WASHINGTON – Georgetown University students and community members gathered to watch President Donald Trump’s State of the Union Address said the most memorable parts of the event may be Trump’s seeming snub of House Speaker Nancy Pelosi at the outset and her ripping up a copy of his speech at the conclusion.
Peter Ren, who graduated from Georgetown in 2015, said he thought the president’s speech was “partisan in nature.” For him, the content and tone of the speech seemed intended to get support for his reelection campaign instead of explaining “what’s going on.”
“I think the most impactful parts were the body language and the parts that were unspoken,” Ren said. “For instance, when the president walked up to the rostrum and the Speaker extended her hand out to the president and he snubbed her. At the end, she was visibly ripping up the content of the speech she was provided.”
Georgetown freshman Jordan Westendorf was concerned Pelosi’s actions will be the focus of the media coverage because it was already making headlines before Trump left the House chamber where he delivered his speech to a joint session of Congress.
A member of Georgetown University College Democrats, Westendorfs said she took note of Trump’s remarks on health care and women’s reproductive rights, but does not think they will amount to much media coverage.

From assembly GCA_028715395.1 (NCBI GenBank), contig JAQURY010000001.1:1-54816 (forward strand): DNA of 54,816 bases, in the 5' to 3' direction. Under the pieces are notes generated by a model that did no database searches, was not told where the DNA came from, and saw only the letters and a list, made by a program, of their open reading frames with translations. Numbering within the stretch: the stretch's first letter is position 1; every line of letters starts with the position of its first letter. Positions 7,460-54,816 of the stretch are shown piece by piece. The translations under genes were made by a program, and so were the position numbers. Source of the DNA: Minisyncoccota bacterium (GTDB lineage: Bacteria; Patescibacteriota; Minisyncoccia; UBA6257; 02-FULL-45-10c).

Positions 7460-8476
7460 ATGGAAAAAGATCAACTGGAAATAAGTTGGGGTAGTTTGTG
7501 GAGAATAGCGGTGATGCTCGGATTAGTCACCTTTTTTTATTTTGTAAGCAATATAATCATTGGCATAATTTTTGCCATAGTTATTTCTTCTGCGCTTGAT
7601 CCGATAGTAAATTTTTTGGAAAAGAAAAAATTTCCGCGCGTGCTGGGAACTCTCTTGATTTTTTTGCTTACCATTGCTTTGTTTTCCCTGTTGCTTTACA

Westendorf also noted that with the Iowa Caucuses the day before and the possible Senate acquittal of the president on impeachment charges on Wednesday, the speech seemed hyper-partisan.
“They (the news media) weren’t covering this until an hour before and they had to cut into the coverage of Iowa,” she said.
Ahead of the viewing of the president’s speech, former House Reps. Joe Crowley, D-N.Y., and Tom Davis, R-V.A., provided analysis.
“The president will take advantage of this last opportunity to have free time because he has no longer speeches and time between now and the election to express his accomplishments to the American people and to challenge the Congress on issues that need to be addressed,” Crowley said.
Crowley noted that Trump and Speaker Nancy Pelosi have different interests at this time. Trump is focused on re-election; Pelosi intends to maintain a Democratic majority in the House.